Meadow Gilchrist a power for SWS girls ice hockey
The potential is energizing as freshman Meadow Gilchrist of the Stamford-Westhill-Staples girls ice hockey motors engines around Terry Conners Rink.
It has been a long and twisting journey for Gilchrist of the Stamford-Westhill-Staples girls ice hockey in Connecticut.
Be that as it may, the Westhill High School student is in position to receive the rewards from the proceeding with development of this sport.
“It’s been fun playing with these girls,” Gilchrist said. “And it’s a challenge when we face the top teams (New Canaan, Darien, Greenwich) in the FCIAC.”
Gilchrist and Piper Fine are the lone freshmen on on the 22-member Stamford-Westhill-Staples Co-op squad.
In any case, that hasn’t prevented Gilchrist from being SWS’ driving scorer this season with 19 goals and 11 assists.
Her father, Jerry Gilchrist, was a hockey player in his youth. When she was on the ice, Meadow felt she was flying when skating. Also, shooting the puck was considerably increasingly fun.
Knoll Gilchrist came up through the Stamford Youth Hockey Association (SYHA) when there were no purely girls ice hockey teams.
Gilchrist showed enough ability to be part of the SYHA’s Travel teams. She was blessed to almost certainly play with his older brother Hunter, currently a member of the Westhill-Stamford Co-op Boys Ice Hockey team.
“It was great then,” Meadow Gilchrist said. “He helps so much now by analyzing what I do. We go out on the ice and try a lot of new skills. He helps me score more goals. Sometimes I can help his game with some advice.”
Playing with the boys gave Meadow the experience of playing in a ultra-physical environment and how to survive — and avoid — collisions.
The most essential factor in her improvement with the SWS squad was when co-head mentor John Fay moved her from left wing to center.
“Since she’s a lefty we started Meadow on left wing,” Fay said. “But she has such good hands and puck control that moving her to center was logical. At center, she can find more open ice and lead the offensive charge for us.”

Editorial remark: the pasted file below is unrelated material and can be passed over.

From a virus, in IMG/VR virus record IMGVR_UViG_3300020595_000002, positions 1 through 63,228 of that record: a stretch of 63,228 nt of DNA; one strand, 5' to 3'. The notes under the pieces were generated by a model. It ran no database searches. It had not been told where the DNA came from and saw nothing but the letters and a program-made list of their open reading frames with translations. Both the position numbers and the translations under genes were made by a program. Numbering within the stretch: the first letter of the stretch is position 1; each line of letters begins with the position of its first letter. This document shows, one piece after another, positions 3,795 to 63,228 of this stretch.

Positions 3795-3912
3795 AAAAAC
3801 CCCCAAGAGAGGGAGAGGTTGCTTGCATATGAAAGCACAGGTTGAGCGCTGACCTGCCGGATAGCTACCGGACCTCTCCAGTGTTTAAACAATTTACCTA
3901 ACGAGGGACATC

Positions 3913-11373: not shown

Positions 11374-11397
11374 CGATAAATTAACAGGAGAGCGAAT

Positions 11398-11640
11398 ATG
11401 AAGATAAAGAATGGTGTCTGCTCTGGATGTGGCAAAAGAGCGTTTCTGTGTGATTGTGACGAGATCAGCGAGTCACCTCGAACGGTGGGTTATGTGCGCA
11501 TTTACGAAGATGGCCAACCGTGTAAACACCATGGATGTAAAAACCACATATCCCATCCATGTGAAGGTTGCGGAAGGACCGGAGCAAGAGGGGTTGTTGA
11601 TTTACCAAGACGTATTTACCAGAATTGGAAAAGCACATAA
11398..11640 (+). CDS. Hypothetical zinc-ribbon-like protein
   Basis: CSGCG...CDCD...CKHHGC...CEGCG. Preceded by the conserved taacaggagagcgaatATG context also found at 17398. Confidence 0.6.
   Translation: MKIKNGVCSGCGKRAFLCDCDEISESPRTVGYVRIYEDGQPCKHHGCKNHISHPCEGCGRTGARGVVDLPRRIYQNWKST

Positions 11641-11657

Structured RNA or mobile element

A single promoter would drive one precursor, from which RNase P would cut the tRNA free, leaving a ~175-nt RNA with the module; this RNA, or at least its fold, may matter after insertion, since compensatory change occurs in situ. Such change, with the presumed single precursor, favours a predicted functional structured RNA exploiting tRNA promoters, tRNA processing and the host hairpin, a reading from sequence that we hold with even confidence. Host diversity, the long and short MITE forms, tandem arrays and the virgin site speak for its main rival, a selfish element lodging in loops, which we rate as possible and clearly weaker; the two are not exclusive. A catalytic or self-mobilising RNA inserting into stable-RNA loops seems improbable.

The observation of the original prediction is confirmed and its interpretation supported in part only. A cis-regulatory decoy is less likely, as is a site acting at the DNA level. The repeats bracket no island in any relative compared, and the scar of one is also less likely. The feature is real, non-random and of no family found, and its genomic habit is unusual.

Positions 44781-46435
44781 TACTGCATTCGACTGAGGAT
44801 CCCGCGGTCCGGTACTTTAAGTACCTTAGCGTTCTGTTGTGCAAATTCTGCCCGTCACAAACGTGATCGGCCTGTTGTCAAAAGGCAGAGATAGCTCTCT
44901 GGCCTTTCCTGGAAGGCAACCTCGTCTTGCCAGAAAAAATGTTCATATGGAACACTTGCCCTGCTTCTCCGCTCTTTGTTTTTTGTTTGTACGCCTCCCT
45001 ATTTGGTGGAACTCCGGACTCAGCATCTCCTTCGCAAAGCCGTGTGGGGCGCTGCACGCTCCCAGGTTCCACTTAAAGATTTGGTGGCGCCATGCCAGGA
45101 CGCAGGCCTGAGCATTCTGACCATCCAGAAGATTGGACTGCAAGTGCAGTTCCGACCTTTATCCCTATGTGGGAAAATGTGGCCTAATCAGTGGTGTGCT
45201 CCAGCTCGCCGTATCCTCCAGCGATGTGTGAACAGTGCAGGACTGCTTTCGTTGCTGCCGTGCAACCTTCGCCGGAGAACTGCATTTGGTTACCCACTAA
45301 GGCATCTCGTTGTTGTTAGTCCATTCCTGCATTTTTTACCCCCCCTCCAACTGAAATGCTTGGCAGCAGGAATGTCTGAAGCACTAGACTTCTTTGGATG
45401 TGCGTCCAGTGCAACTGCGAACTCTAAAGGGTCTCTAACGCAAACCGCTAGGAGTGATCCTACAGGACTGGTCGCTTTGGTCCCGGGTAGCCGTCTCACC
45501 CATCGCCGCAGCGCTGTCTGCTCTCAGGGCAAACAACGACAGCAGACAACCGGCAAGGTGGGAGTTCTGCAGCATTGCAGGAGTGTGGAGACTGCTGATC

Since Stamford-Westhill-Staples essentially plays two forward lines and two barrier pairs, Gilchrist gets an abundance of ice time..
Her hockey IQ is so bravo age that SWS utilizes Gilchrist on the power play and penalty kill, where opportunities for open ice are more abundant.
Gilchrist has embraced the move to center.
“I like the freedom that playing center brings. I watched a lot of video,” Gilchrist said. “It helps with my positioning and shows me things to work on. On faceoffs, I’m getting better reading the opposing center’s intentions.”
Gilchrist will get more grounded as she gets more older. That should help convert a greater amount of the breakaways she makes amid games. At the present time, she dekes a great deal however regularly wraps up excessively near the goalie on attempts..
Gilchrist is likewise dealing with her hockey Masters’ degree in the offseason. She has spent the last five summers playing for the Ice Cats, which are trained by Darien’s Jamie Tropsa.
“The drills we do are different. It’s lots of skill training and off-ice conditioning,” Gilchrist said. “Playing with many of the Darien and New Canaan girls forces me to skate faster and do more with my stickhandling.”
While she still has chapters of high school hockey history still to write, Meadow Gilchrist has sound plans for her future as well.
“Amanda Kessel is one of my heroes I watch a lot,” Gilchrist said. “To be part of the U.S. Olympic Women’s Hockey program would be really cool. That would be a great accomplishment that will take a lot of hard work. Playing Division I hockey is another dream for me.”